In cases where images are entirely unidentifiable and there are no details on individuals reported within the article, consent for publication of images may not be required. The final decision on whether consent to publish is required lies with the Editor. The methods should be comprehensive and provide sufficient detail to allow your work to be repeated. Software used should be consistently cited and its version and parameters included. Indicate the suppliers of chemicals and equipment if this may affect the results; if there are name changes between your work and submission, please ensure this is clearly indicated. We do not need suppliers’ addresses. We also recommend that you include a section on authorship and contributions using the CRediT taxonomy from CASRAI, which aims to provide transparency to the contributions of researchers to published work, improving attribution, credit, and accountability. The table below summarises the roles currently included in the taxonomy: if you feel that there are additional roles which should be added, please get in touch with our Director of Publishing , who will pass the information on to CASRAI for consideration. We follow the ICMJE guideline for clinical trials registration in line with the ICMJE and WHO declarations. For submission of a randomised controlled trial, please provide the registration number of the trial and the name of the trial registry in the last line of the paper’s structured abstract. Articles that report clinical trial data should contain a data sharing statement, indicating: We use the Vancouver style. If your article is accepted for publication, your reference lists and citations will be reformatted to fit. Ideally, references should include a DOI to facilitate this, and to allow us to create reference links in published articles. Repositories : if your article contains new sequence data, please include the accession number on the title page. More information about sequences is in the Data section below. **Free to read for 30 days after publication. Open Access available. For the International Journal of Systematic and Evolutionary Microbiology , you must provide evidence that types are deposited in two recognised culture collections in two different countries without restrictions. If there are any Material Transfer Agreements associated with the certificates of deposit, please include this information during submission. Clinical trials that begin enrolling participants on or after 1 January 2019 must include a data sharing plan in the trial’s registration if they wish to publish results. Any changes to the plan after registration must be disclosed in the data sharing statement when published. Microbiology encourages graphical abstracts to be included in all article types. If you are using a strain which has been obtained from someone else, you must provide us with confirmation that you had permission to make use of the strain in the research you are reporting in the article. Corresponding author : the email address for the corresponding author. It is permissible to include the names of more than one author as corresponding author, but a single author must act as the point of communication during the peer review process. You should use absorbance for the quantity log in UV and visible absorption spectrophotometry of samples in which there is negligible scattering or reflection of light. If there is considerable scattering, as in spectrophotometric measurements of microbial biomass, use optical density or attenuance . Whenever A, OD or D is used, you need to specify the wavelength of the incident light with subscript numbers , the path length of the cell or cuvette and the make and model of the spectrophotometer, and the sample dilution and the diluent. Readings obtained with instruments designed for turbid samples, such as nephelometers or Klett meters, should be reported in appropriate units. You may wish to have your article edited before you submit it for peer review, or during revision. This is not compulsory but it may help Editors and reviewers to fully understand your article. Where appropriate, you may wish to provide a combined Results and Discussion section. Authors providing supporting external data are encouraged to include a Data Summary describing this, including the DOI and/or accession numbers, and the associated URL. Many language-editing services are available, but we have partnered with Editage to provide publication-focused editing services to our authors at a 15% discount. To take advantage of this offer visit our Editage page , or if you’re an existing Editage customer, please use the code MICSOC10. Author names : first name and family name in full, with the author for correspondence and any authors of equal contribution clearly indicated. The Society does not impose a set form on authors' names, and will honour each individual's preference for how their name appears in their published article. Our journals support CRediT , as described in the ‘Author Statements’ section below. To help Editors and reviewers assess the reproducibility of your work, include the number of times your experiment was repeated and the type of result shown . If results are expressed as percentages, the absolute value corresponding to 100% should be stated. Indicate the variability of the results statistically wherever possible; when error terms are given, state the measure of dispersion and the number of observations. Specify the statistical techniques you used, and where necessary either describe the technique or provide a reference. If you wish to acknowledge an individual, please make sure that the person consents to be named in your article. Give concentrations as g l −1 , etc. The term ‘%’ should be defined as ‘w/v’, ‘v/v’ or ‘w/w’, to avoid ambiguity. As a rule, you should only use an abbreviation if it will appear more than three times in your text. You should always define your abbreviations the first time they are mentioned in the Abstract and in the main text of your article, as well as in any figure or table legends. Common terms such DNA do not need to be defined. Microbial Genomics has a mandatory open data policy. Authors are required to provide access to all supporting data at submission, including sequencing data, which have either led to the conclusions drawn in their article or allow the procedure described in the article to be repeated. For all other journals, open data is optional and can be deposited as described in the section on Supporting data above. Generic names are singular Latin nouns and do not take a plural form. You should avoid the use of a generic name alone when the reference is to the members of the genus. Thus, ‘The strains of Salmonella are…’ not ‘The Salmonella are…’. The latter implies more than one generic name Salmonella. Examples of non-financial conflicts of interest might include political, religious or intellectual conflicts. Figures will be required as separate files for publication at revision stage. We support figures supplied in PDF, GIF, TIFF, EPS, JPEG, PNG, SVG, and PPT. It is important to ensure that all figures are suitably high resolution for publication, usually no lower than 300 dpi. This means that line thicknesses, symbol sizes, and text should be sufficient to allow for the figure to be scaled down to fit comfortably on an A4 page. You can use our consent form to obtain consent for publication, or a consent form from your own institution or region if appropriate. The consent form must state that the details/images/videos will be freely available on the internet or in print and may be seen by the general public. The consent form must be submitted with the article and will be treated confidentially. State the objectives of the work and cite previous relevant work to set the scene. The Introduction should not constitute a full review, but should be sufficiently detailed to allow readers to interpret the rest of the article. Although names of genera and higher categories may stand alone to refer to the taxa with which they are associated, specific and subspecific epithets may not. A generic name followed by a specific epithet should be spelled out the first time it is used in the text; subsequently, it may be abbreviated to its capitalised initial letter if the context makes the meaning clear. In lists of names of species of the same genus, the genus name may be abbreviated after its first use for subsequent species in the list. If there are several generic names in the text with the same initial letter, the names should be spelled out at each occurrence. Some of our journals have one or two specialist article types, as described here. Take care to distinguish between genes and the proteins that they encode .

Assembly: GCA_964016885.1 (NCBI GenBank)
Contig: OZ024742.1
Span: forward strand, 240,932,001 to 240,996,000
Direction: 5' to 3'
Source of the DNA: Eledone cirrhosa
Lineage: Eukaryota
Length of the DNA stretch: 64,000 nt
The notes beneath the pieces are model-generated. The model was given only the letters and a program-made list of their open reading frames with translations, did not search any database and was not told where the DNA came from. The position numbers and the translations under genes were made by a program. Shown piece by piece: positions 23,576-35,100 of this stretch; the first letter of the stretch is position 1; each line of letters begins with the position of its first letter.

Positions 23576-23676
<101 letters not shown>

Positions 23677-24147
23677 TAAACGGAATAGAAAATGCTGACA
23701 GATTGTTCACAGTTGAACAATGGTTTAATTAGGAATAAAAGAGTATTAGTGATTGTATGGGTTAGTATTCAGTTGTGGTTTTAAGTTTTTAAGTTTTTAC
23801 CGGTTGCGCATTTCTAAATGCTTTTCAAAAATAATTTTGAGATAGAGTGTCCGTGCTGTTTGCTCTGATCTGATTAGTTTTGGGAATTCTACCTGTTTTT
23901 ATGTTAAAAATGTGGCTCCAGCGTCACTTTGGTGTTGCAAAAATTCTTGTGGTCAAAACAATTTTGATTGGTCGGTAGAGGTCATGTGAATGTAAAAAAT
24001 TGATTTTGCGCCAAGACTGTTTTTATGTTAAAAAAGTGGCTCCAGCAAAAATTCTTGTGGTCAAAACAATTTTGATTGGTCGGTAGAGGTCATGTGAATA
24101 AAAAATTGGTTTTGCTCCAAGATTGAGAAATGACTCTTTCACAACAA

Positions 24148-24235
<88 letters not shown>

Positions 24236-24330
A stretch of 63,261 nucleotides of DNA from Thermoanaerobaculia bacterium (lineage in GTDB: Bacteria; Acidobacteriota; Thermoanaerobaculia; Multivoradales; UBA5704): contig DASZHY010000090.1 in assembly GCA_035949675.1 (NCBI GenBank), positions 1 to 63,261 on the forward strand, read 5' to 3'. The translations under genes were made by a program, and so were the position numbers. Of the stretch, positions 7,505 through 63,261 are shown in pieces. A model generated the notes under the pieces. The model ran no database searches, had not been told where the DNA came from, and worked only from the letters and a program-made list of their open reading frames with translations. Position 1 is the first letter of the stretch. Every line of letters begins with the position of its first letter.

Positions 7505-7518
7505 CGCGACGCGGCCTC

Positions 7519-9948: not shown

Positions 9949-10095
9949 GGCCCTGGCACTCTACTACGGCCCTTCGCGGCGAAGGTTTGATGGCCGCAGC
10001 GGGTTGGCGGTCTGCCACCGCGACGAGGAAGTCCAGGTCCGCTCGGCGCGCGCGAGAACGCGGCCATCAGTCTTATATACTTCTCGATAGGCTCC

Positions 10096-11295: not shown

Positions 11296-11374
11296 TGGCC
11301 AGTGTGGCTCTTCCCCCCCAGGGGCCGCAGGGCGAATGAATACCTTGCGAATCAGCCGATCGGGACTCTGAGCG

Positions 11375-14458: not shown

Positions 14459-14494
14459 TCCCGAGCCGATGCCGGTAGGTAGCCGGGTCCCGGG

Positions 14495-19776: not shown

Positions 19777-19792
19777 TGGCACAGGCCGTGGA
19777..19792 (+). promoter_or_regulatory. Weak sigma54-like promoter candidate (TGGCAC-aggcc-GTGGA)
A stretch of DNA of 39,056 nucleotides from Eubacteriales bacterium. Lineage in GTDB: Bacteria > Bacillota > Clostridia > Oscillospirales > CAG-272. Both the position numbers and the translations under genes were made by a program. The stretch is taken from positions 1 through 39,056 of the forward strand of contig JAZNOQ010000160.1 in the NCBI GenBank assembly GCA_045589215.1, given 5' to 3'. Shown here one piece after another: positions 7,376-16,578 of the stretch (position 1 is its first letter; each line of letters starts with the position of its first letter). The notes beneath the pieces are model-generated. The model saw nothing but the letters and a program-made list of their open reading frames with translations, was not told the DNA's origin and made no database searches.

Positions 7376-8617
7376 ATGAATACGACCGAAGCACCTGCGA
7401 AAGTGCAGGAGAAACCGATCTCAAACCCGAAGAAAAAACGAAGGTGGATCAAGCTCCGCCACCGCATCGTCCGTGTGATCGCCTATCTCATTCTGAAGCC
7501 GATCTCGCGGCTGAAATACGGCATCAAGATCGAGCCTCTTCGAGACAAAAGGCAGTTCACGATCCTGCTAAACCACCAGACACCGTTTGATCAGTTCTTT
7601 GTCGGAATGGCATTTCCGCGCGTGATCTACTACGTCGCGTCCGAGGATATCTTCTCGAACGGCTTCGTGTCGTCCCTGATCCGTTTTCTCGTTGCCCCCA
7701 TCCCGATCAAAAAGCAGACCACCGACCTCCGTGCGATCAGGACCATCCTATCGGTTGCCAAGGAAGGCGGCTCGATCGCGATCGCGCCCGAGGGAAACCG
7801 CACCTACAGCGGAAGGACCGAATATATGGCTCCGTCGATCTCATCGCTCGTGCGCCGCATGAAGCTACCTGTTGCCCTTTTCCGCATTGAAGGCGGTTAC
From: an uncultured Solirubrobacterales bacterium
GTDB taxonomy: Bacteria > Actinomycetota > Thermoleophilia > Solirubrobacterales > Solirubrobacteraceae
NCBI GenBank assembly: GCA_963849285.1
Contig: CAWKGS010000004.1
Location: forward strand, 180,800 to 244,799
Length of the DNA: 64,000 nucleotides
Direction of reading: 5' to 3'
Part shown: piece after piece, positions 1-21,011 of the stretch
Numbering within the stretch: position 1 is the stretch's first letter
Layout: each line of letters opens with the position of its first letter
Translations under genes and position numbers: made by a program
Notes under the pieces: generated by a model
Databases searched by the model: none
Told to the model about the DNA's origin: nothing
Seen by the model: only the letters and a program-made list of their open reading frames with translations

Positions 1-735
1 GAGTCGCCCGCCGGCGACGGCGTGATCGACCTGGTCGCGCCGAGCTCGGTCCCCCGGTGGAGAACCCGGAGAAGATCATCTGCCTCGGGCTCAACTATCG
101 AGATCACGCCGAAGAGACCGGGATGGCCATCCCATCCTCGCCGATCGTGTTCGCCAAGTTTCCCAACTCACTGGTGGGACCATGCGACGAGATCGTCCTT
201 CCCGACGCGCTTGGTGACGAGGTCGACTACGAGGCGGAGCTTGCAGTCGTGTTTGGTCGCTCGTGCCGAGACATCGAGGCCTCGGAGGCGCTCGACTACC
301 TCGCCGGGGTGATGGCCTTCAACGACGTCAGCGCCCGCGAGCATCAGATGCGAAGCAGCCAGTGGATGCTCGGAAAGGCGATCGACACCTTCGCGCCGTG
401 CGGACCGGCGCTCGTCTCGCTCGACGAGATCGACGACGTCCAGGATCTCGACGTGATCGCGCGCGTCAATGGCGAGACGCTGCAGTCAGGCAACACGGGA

Articles reporting new sequence data must include an accession number from one of the public databases and you must adhere to the relevant deposition criteria for the database. If a sequence is not yet available, the database flat file or the NCBI Sequin file should be made available for review; you can choose to do this through figshare if you prefer. These files will not be published, but they are essential for reviewing the article. If an article is accepted, the data must be made publicly available prior to publication, Both Microbial Genomics and International Journal of Systematic and Evolutionary Microbiology require that all sequence data be made publicly available prior to submission. Title : a concise statement of the contents of your article. A title that emphasises the main conclusions, or poses a question, has more impact than one that just describes the nature of the study. Genomic data may have restrictions imposed on use in third-party publications even if the data is available on a public repository. If you are using sequence data from public repositories, you should adhere to the principles on fair use laid out in the Fort Lauderdale and Toronto agreements; and for pathogen sequence data, the WHO Code of Conduct for open and timely sharing of pathogen genetic sequence data during outbreaks of infectious disease . This policy does not preclude analyses of aggregated public data, however detailed analyses of data from individual unpublished sources should adhere to fair use principles. The origin of third-party data should be clearly documented and appropriate credit given via citations or acknowledgements. nature microbiology article types Please organise your Results section with enough subheadings to allow readers to gain a clear picture of the work. The section should indicate the key questions being addressed, the outcomes of experiments, and any interpretation of these results. You may include here any figures and tables within the body of the text to assist Editors and reviewers in assessing the work more easily. You must use the correct name of all organisms referenced in your article, conforming with international rules of nomenclature: You must declare any potential conflicts of interest in the article. A conflict of interest may exist when your interpretation of the results or presentation of information may be influenced by your personal or financial relationship with other people or organisations. If no conflict exists, include the line "The author declare that there are no conflicts of interest " under the Conflicts of interest heading. Please use SI units throughout your article where possible. If non-SI units are used, the equivalent in SI units should also be given at the first mention, e.g. 1 p.s.i. . If your article includes a mathematical model, you should provide appropriate details at submission so the reviewers and Editor can assess the work. If your article is accepted for publication you can choose to make your model publicly available through a data repository or as a supplementary data file. * All eligible for immediate Open Access in our subscription journals, or are always Open Access if published in Microbial Genomics or Access Microbiology . Microarray and other genome-wide studies We also have an optional open methodology policy supported by protocols.io . You can deposit you protocols with them privately, then add the DOI and link to your article. This will allow the reviewers and Editors to see your protocol during the peer review process. When your article is published the protocol becomes public too, and it will be automatically updated to link to your published article. If your article reports on MLST analyses, the MLST gene sequence data for all samples presented in the article must be available. Follow the recommendations of the International Union of Pure and Applied Chemistry for chemical nomenclature, and those of the Nomenclature Committee of the International Union of Biochemistry and Molecular Biology and the IUPAC–IUBMB Joint Commission on Biochemical Nomenclature for enzyme nomenclature . Many microorganisms are known by their vernacular names as well as by their scientific names. There are no rules governing the use of vernacular names and it is often convenient to use them; you should feel free to do so, provided you have correctly identified the microorganism the first time it is mentioned in your article. You may also add synonyms or vernacular names in parentheses when the name is first mentioned, if you wish to do so. If the strains under study are involved in a patent process, please make sure this is clearly indicated both in the article and in your submission cover letter. Strains other than the type strain should carry the superscript ‘PP’ if a patent is pending and ‘P’ if a patent has been issued. Your discussion should not be too long. Compare your results with previous findings without revisiting your results in full, and use subheadings where appropriate to highlight the points under discussion. It may be helpful to list the main conclusions at the end. Please note that language editing does not guarantee that your article will be sent out for peer review or accepted for publication. Over 120 institutions now operate a fee-free and frictionless OA experience for their researchers via the Society’s Publish and Read deal. Learn how institutions are benefiting and how we can operate fee free OA in your institution. If your article includes details, images, or videos relating to an individual person, you will need to have evidence of written informed consent for the publication of these details. Consent for publication must be obtained from the person, or their parent or legal guardian in the case of children under 18. If the person has died, consent for publication must be obtained from their next of kin. For radioactivity, the preferred unit is becquerels . We have partnered with figshare to support our authors in making their research as open as possible. If you would like to deposit your data in our figshare account, please contact the Editorial Office using the relevant journal email address and they will assist you. If you prefer to provide supporting data as a supplementary material file associated with your article, please supply a single separate PDF file to be incorporated into the system-generated PDF. Excel files are also acceptable. Keywords : between three and six keywords that will make your article easily searchable. The tables below provide summary information about the various article types considered for publication in Microbiology Society journals. Templates for all article types can be found on our Forms and templates page . All Microbiology Society journals have a format-free submission policy for new manuscripts and therefore these templates are not mandatory on initial submission. For more information on our format-free submission policy, please see the Submit an article page. If you need further guidance, please contact the Editorial Office for the relevant journal: Microbial Genomics is a mandatory open data journal and as such asks authors to always include a section describing all supporting external data. If you are making use of data from ongoing sequencing projects, you must follow the guidelines set by the project and give appropriate acknowledgement of the data source. You should show evidence that you have discussed your findings with the scientists responsible for the sequencing programme and that the organisation has approved what is being submitted. Please include all pertinent information for each reference, e.g. authors, year, article/book title, journal/book name, editors, volume, page/article number, DOI. Microbial Genomics has partnered with Microreact , a free platform developed in the David Aanensen Research Group at Imperial College London and The Centre for Genomic Pathogen Surveillance, which provides interactive querying of the data via trees, maps, timelines and tables. Data deposited with Microreact is published in Microbial Genomics via a permanent web link. Insertion sequences should be named as given in the ISfinder Database . Join the Microbiology Society and become part of the largest microbiology community in Europe. Members receive a range of benefits including a discount on the Open Access fee when publishing with our journals. Use relative molecular mass rather than ‘molecular weight’. Alternatively, use molecular mass with values quoted in daltons . If your article reports on insertion sequences, whether stand-alone or as part of larger sequencing projects, you should deposit the relevant information in the ISfinder Database and provide the attribution number as part of your submitted article. Examples of potential financial conflicts of interest include: We encourage you to deposit important strains in a recognised culture collection and to refer to the collection and strain number in the article, in line with the requirements of the Bacteriological Code : “In the case of description of new species and subspecies the culture collection number of at least two publicly accessible service collections in different countries where a subculture of the type strain has been deposited must be given” – Rule 27. How to prepare nature microbiology article types an article for submission Microbiology SocietyHow to prepare nature microbiology article types an article for submission Microbiology Society List your references at the end of the article, numbered in the order that they appear in the text. All listed references must be cited in the text, tables, or figure legends. search search account_circle shopping_cart Journals Microbiology Journal of General Virology Journal of Medical Microbiology Microbial Genomics International Journal of Systematic and Evolutionary Microbiology Access Microbiology JMM Case Reports Browse Collections About us The Microbiology Society Why publish? Joining our Editorial Boards Article and journal metrics Information for authors Prepare an article Submit an article Forms and templates Open Access rates Are you eligible for fee-free Open Access? 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For standard research articles, please follow the outline below. You can also find a brief description of article types and their structures at the end of this section. Affiliation : the name and address of the institution where the work was done, and current addresses of authors who have since moved. For compound units , use μg ml −1 not μg/ml. An Acknowledgements section is not compulsory. However, if materials and results were obtained from outside the authors’ laboratories , this must be acknowledged. Figures and tables should be broadly comprehensible without reference to the text, and add information to the article. Articles of the types described here are published in all Microbiology Society journals. The word and reference counts in the table are indicative, but not restrictive. For Research Articles, Journal of Medical Microbiology mandates a structured abstract that includes the headings: Introduction, Hypothesis/Gap Statement, Aim, Methodology, Results, and Conclusion. The abstract should, if possible, introduce the subject in the first sentence and present the main conclusion in the last sentence. References should not be cited, and any abbreviations used must be defined. Describe in detail the funding sources that supported this work, including the names of funding bodies and grant numbers. Any authors who are associated with specific funding sources should be named. You must also state whether anyone employed by the funders, other than the authors, played any role in the study or in the preparation of the article or decision to publish; these persons need to be named and their role described. If you did not receive funding for the work, include the line "This work received no specific grant from any funding agency" under the Funding information heading. Any experimental work with humans or animals must include a statement that the Ethical Committee of the institution in which the work was done has approved the work. This includes research which uses samples obtained through routine diagnostic procedures or treatments. what is the general conclusion of the nature vs nu